“Our most vulnerable” is a term we use to transfer an audience’s pity from others and onto whoever isusing the term.
Consider its use: when we label groups such as the homeless, the elderly, and children as “our most vulnerable” we draw attention away from them as people and onto whatever probably terrible scheme we have in mind.
When bioethicists from the University of Pennsylvania recently invoked the vulnerability of homeless folks with mental health challenges as a reason to bring back long-term psychiatric institutionalization, they failed to mention that other models work better but are under-resourced.
But they did make it seem as if they cared.
That may sound cynical, but by labeling people “our most vulnerable” we’re already putting ourselves into a patronizing position over them—implying that we own the rights to their voices and possess superior abilities.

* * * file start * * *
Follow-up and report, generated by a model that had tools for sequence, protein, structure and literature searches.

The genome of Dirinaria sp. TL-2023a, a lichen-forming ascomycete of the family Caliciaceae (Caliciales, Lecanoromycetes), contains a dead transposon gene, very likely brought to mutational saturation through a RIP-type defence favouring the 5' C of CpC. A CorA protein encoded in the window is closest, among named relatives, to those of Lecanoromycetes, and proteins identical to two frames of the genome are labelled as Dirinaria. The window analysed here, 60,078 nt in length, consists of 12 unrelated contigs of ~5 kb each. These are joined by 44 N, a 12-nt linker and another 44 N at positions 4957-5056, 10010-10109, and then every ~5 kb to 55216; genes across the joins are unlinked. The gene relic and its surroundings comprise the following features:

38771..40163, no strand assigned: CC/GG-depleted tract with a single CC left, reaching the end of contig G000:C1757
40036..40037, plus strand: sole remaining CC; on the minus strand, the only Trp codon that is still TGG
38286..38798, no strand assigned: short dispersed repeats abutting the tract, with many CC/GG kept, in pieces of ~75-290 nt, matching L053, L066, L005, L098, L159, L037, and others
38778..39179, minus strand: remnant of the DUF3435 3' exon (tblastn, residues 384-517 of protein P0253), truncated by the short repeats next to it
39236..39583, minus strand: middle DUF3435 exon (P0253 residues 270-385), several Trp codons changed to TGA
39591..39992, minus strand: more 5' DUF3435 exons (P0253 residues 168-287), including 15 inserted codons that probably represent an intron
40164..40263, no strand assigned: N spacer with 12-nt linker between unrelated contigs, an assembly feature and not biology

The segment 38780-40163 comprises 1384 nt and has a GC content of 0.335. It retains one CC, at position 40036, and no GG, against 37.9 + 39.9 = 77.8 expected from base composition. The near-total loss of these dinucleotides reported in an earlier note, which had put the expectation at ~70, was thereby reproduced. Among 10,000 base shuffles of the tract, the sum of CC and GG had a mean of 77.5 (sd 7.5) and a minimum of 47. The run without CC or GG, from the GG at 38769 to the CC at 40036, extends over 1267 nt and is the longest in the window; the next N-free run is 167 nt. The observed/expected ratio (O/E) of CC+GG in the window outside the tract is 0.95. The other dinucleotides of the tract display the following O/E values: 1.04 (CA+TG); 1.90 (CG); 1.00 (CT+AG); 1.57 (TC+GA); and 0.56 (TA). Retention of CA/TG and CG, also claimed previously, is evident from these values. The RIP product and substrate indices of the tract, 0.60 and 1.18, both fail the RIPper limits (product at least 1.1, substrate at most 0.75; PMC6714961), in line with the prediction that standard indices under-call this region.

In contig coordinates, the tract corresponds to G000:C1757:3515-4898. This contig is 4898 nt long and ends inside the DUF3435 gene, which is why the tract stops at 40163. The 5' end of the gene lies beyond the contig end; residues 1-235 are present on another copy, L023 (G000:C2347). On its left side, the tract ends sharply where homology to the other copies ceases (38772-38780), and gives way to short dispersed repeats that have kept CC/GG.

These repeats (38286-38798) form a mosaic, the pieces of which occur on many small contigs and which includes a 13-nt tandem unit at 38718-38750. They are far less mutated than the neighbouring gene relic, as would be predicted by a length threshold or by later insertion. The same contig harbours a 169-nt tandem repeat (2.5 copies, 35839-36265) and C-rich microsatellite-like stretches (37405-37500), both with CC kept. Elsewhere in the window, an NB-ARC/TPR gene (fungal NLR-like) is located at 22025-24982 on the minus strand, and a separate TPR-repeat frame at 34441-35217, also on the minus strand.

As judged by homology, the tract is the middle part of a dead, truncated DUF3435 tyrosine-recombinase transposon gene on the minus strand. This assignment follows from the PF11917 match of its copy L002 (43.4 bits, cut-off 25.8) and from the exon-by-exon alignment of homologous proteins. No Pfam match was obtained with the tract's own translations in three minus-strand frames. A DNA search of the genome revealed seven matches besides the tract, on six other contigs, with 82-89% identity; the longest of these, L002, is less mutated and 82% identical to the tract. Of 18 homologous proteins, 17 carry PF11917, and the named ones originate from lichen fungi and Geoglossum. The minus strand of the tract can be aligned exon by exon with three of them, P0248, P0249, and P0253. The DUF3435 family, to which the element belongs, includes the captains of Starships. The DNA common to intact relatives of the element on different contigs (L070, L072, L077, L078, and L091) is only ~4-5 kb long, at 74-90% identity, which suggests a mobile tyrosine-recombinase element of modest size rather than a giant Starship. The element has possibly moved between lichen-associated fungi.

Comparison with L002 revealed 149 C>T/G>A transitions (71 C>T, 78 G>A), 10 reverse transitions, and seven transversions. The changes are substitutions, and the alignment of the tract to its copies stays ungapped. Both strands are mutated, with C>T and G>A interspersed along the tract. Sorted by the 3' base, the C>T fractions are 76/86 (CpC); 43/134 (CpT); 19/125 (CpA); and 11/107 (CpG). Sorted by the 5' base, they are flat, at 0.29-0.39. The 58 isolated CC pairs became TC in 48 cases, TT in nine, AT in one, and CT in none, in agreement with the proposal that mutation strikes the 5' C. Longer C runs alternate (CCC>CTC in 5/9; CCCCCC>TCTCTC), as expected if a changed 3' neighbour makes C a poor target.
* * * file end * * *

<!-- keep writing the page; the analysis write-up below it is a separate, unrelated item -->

The term glosses over the lived experiences of those we call vulnerable and creates a space in which to speak for “our most vulnerable”—people who, if we’d bother to listen, can probably best speak for themselves, even if they speak in ways we aren’t all prepared to understand.
In a culture built around youth, wealth, and ableism, we ought to accept the role we play in creating the vulnerability these folks experience.
Instead of labeling others, why not work toward making “our most vulnerable” as empowered and self-directed as they can be?